LOEB: Yes, but a lot of times the reason why Marvel lands on a platform is because of the people. When they get it, when they want us. I’ve been on the other side of that, I’ve been the writer producer, who's tried to work with the network, and there’s a whole agenda that's going on that you don't know anything about, you’re just making your show. We try to tell people that when a network invites Marvel in, they’re getting Marvel.
DEADLINE: What does that mean to you?
LOEB: That they’re getting this brand that's known throughout the world. It’s just a different kind of strategizing, which is what's the best way that we can tell the world that Marvel adult animation is on Hulu, for example.
We were talking to them, and they started scratching because when you look at the success that they've had with Castle Rock and the world of terror. Something that really interested us and interested them, and we always knew that we were going to do something with Ghost Rider, we were just waiting for the right place to put it.
Then we started having the same conversation, which was there is in the comic book world the Spirit of Vengeance, and they are this sort of unusual group of characters, which involve Ghost Rider, which involve Helstrom, which involve Helstrom's sister, Anna. We suddenly saw that there were three or four shows that we could put together that we now refer to as Adventure into Fear.
DEADLINE: Is that Marvel Horror under another name?
LOEB: No, it's terror, because when you say horror, it means so many different things. There’s everything from Saw, which is the last thing that we want to do, gore-fest kind of thing to there’s a monster running around. What we love is the notion of how we can present a Marvel hero who was truly feared and truly believed that they were a monster, but that, as the stories go on, they realize, oh, I’m the hero of the story, I’m not the villain of the story. That's not something we've ever done before. So we started with Ghost Rider, we went out and managed to get Gabriel Luna to come back and reproduce the role he played on S.H.I.E.L.D. Then we're going to do Helstrom, and then there’s a couple more that we haven't yet revealed to the world.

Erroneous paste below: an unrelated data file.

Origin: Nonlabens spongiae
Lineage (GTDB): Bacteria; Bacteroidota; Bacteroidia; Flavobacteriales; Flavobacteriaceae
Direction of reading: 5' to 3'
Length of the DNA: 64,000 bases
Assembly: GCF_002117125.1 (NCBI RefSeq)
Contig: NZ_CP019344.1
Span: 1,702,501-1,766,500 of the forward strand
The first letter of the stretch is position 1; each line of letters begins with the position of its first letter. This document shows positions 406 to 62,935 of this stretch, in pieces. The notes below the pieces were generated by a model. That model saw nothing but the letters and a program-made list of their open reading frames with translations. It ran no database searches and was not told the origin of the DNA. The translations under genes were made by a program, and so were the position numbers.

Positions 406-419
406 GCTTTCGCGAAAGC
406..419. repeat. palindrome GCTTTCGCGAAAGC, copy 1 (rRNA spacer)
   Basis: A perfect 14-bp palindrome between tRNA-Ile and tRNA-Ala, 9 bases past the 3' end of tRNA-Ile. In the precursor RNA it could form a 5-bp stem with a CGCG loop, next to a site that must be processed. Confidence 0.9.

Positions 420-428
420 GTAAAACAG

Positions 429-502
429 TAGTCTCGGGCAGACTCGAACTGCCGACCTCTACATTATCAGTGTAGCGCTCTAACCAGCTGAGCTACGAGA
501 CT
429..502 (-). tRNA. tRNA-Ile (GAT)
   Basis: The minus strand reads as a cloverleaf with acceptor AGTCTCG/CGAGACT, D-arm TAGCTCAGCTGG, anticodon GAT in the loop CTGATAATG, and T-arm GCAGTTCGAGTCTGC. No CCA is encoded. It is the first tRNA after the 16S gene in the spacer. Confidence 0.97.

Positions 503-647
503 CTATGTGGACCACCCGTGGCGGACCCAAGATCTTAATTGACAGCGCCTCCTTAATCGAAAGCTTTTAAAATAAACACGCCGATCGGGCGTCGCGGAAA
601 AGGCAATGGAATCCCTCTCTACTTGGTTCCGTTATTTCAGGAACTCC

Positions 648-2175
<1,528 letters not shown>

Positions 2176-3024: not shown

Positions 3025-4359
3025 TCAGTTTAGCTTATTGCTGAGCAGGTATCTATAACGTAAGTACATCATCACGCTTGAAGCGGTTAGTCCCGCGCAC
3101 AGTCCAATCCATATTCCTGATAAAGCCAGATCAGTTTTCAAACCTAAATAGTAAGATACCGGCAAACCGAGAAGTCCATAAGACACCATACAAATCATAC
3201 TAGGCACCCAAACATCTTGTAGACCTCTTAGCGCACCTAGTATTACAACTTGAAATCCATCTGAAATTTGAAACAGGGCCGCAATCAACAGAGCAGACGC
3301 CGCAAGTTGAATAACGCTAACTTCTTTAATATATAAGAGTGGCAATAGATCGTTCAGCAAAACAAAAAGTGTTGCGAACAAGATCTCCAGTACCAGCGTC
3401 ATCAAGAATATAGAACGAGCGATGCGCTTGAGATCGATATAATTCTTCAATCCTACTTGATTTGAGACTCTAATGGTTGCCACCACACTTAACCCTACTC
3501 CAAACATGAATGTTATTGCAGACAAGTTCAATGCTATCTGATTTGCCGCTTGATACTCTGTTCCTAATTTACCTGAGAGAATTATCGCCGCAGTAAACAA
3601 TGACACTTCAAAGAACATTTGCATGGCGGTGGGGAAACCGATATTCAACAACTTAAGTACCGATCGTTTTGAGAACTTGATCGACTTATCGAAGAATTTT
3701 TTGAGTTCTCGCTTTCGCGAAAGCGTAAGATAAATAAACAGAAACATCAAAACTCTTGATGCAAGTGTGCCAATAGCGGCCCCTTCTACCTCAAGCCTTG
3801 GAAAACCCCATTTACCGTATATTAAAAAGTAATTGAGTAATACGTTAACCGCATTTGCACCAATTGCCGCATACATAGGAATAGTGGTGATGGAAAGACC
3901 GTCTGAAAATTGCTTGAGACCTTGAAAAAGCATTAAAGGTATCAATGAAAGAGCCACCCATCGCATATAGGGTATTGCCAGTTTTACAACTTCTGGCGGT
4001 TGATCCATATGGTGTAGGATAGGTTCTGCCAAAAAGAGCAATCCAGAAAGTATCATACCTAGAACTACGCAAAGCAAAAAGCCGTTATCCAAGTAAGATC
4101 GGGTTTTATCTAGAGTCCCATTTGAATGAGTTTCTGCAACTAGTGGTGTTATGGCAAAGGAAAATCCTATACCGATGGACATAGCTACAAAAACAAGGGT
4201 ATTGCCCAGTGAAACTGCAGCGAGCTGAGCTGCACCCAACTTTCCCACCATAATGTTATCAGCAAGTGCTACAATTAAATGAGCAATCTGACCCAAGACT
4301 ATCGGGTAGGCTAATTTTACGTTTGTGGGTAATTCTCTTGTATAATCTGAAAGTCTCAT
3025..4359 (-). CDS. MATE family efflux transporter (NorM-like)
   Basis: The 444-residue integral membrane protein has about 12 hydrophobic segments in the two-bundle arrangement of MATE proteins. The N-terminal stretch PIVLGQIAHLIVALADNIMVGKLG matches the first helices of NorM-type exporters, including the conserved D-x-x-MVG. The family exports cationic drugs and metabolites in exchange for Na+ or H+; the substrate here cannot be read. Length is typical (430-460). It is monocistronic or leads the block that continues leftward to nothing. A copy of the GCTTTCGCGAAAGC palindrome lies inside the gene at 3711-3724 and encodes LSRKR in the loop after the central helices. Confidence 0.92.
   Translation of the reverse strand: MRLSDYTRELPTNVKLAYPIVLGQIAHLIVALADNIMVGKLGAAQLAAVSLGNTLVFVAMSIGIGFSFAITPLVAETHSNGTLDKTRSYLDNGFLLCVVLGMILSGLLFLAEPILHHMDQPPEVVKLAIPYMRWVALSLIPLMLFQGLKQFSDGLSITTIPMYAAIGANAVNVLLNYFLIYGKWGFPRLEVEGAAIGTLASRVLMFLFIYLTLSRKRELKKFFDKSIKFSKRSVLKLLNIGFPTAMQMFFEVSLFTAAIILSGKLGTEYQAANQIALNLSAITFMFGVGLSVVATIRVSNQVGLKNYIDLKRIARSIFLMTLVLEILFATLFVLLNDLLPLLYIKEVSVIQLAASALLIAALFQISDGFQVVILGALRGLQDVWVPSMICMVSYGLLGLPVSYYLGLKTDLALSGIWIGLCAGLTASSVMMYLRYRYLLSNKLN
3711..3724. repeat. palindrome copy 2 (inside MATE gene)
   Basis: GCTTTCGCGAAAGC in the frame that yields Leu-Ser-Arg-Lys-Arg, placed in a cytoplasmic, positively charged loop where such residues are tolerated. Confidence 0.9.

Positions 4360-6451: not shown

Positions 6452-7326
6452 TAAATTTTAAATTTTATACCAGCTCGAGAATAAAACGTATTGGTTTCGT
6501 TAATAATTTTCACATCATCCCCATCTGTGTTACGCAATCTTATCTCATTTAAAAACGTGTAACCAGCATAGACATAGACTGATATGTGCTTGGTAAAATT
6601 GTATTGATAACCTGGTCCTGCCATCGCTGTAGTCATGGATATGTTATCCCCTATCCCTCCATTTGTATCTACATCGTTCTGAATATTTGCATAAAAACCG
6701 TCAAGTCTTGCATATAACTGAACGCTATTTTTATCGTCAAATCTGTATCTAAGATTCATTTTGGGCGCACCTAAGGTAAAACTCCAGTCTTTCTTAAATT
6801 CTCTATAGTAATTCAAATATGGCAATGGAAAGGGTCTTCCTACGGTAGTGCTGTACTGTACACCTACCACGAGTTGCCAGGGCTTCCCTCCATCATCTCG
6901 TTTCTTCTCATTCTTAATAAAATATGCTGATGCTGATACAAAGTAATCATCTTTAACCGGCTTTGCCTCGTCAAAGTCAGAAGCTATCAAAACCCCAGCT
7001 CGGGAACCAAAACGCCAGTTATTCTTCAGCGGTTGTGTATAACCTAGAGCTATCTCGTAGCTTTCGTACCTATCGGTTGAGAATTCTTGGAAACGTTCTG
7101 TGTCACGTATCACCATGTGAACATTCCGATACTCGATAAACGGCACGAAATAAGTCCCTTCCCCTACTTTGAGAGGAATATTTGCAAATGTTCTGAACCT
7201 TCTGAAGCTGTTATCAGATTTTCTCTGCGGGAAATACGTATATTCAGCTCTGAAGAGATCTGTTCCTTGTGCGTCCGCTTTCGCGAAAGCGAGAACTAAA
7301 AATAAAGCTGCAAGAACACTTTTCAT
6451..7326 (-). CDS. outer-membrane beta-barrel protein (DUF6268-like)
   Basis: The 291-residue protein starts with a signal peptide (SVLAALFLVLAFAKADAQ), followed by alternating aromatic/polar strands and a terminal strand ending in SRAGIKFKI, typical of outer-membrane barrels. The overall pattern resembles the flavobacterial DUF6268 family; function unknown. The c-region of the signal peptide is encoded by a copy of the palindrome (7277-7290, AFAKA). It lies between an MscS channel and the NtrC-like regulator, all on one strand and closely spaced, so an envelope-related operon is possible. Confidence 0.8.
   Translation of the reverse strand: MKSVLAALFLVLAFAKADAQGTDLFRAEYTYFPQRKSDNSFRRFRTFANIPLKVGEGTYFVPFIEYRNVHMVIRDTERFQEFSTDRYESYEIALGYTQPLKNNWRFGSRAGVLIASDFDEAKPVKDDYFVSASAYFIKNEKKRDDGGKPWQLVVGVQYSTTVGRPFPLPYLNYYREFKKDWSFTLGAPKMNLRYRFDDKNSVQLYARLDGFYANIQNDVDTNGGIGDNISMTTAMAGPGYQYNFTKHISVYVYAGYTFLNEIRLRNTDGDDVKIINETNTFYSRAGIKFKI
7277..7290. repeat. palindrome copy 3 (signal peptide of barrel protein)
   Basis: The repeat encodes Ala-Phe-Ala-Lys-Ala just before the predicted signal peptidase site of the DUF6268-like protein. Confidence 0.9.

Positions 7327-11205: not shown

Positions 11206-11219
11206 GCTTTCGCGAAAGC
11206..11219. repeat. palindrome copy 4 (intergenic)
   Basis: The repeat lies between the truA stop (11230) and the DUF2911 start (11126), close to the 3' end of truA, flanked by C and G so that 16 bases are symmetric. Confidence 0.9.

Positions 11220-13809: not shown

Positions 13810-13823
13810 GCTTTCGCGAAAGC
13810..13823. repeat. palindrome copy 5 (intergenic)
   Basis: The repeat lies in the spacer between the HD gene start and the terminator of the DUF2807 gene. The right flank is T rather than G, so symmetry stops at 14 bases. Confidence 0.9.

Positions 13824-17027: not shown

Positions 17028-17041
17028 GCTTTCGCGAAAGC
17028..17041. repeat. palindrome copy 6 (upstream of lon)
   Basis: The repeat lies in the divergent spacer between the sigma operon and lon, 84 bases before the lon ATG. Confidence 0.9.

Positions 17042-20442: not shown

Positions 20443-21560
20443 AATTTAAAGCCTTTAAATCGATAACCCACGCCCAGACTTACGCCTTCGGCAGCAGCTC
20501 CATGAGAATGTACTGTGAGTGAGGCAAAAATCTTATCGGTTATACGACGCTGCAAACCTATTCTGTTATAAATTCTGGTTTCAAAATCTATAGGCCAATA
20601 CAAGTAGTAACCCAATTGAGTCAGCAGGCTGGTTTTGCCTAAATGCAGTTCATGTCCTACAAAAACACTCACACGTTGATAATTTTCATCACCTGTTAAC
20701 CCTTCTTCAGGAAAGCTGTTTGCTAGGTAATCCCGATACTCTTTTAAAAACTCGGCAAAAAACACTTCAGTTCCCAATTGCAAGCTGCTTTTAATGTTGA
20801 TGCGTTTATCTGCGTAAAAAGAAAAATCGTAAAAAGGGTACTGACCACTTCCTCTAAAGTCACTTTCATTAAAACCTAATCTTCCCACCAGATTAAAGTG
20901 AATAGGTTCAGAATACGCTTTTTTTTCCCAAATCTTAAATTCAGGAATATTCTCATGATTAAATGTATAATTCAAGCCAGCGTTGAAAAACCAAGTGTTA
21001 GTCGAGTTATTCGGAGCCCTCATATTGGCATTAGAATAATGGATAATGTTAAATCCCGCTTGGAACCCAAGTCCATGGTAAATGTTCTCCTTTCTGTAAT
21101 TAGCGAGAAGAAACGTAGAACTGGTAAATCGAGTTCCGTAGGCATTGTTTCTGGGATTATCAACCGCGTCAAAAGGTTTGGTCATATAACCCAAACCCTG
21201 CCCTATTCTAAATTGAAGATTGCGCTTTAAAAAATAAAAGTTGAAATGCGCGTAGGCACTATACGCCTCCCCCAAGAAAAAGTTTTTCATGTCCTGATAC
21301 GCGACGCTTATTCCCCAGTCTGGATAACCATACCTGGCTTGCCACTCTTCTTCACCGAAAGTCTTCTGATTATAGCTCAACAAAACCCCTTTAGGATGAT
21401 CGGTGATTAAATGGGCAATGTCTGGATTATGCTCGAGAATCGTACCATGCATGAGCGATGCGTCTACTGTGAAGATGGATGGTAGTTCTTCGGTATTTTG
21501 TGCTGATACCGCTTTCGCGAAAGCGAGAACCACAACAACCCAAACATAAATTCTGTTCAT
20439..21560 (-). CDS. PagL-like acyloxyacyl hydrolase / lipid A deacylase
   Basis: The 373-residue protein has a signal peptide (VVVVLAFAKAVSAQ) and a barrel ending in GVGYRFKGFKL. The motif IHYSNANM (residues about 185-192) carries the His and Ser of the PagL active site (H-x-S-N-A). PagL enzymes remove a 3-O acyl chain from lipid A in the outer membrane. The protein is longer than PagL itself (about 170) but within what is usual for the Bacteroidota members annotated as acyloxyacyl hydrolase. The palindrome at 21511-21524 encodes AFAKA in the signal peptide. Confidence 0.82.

DEADLINE: It's a new twist after the Netflix situation, which started on such a high and end almost as a case of death by a thousand streaming cuts, didn't it?
LOEB: The hardest part was while the situation at Netflix of which I really can't go into other than to say that we were blindsided and the things that were to come weren't finished yet. We weren't ready to announce that, so there was this space in between it, so it did look like maybe we were going to go out Then suddenly, we were arising again like the Phoenix.
DEADLINE: Which is a good narrative in hindsight, no?
LOEB: Yes but not while you're in it. The truth of the matter is, we were on this thing where we said, oh wait, the bumper fell off the car, but the car's still going, but we couldn’t discuss any of that. So, in the end, however history's going to remember the story, all that's important to us is that we had an opportunity to change television by putting together four heroes, who then joined together in a group, and people have talked about it like this is unprecedented.
Now, we're going to do it again with the animated series, and then we're going to do it again with the fear-based series. It’s now become, for us, our model. We would rather try to find ways of putting together a group of characters so that when a platform meets with us to talk about what we want to do, we're trying to create a family on that platform.
DEADLINE: On the topic of platforms, there were rumors for at least a year of a Ghost Rider series on ABC?
LOEB: LAUGHS I know, you bugged us about it. But no, we never intended for it to be on ABC because we wanted to do a show that was more mature. Look, it has the weight in the best way that there had been a Daredevil movie, so that when there was a Daredevil television show, people knew the name. There was a lot of weight that came with the Daredevil movie that we had to shake off and prove ourselves that we could make a television show that became what it was. The good news is people love Gabe, people love the way that character works, the feature film levels special effects — and the part that's really exciting is we'll push it further. It will have a little fun that folks will really dig.
DEADLINE: So, what is it that you dig?
LOEB: When we start thinking about our shows, it’s how do we do better than we did the last time. That's partially why I could not be prouder of the people who work here because they all have that same ethic. We will never be a factory. We don't know how to be a factory. There is no Marvel prototype.
LOEB: No. Trust me, we don't know how to do that and tell the stories that we're telling.
That's why going back to the beginning, that's why we can do a Legion, a Daredevil, and Agents of S.H.I.E.L.D., a Ghost Rider. I don't know any kind of corporation that makes a product that could do that kind of thing unless it’s at its core a storytelling machine. We have all different kinds of voices and genders and people who want to tell stories through the Marvel library, and when that happens, you get Marvel.
We believe that anyone can be a hero and that that enables you to tell stories about every single person on this planet, that's our real secret.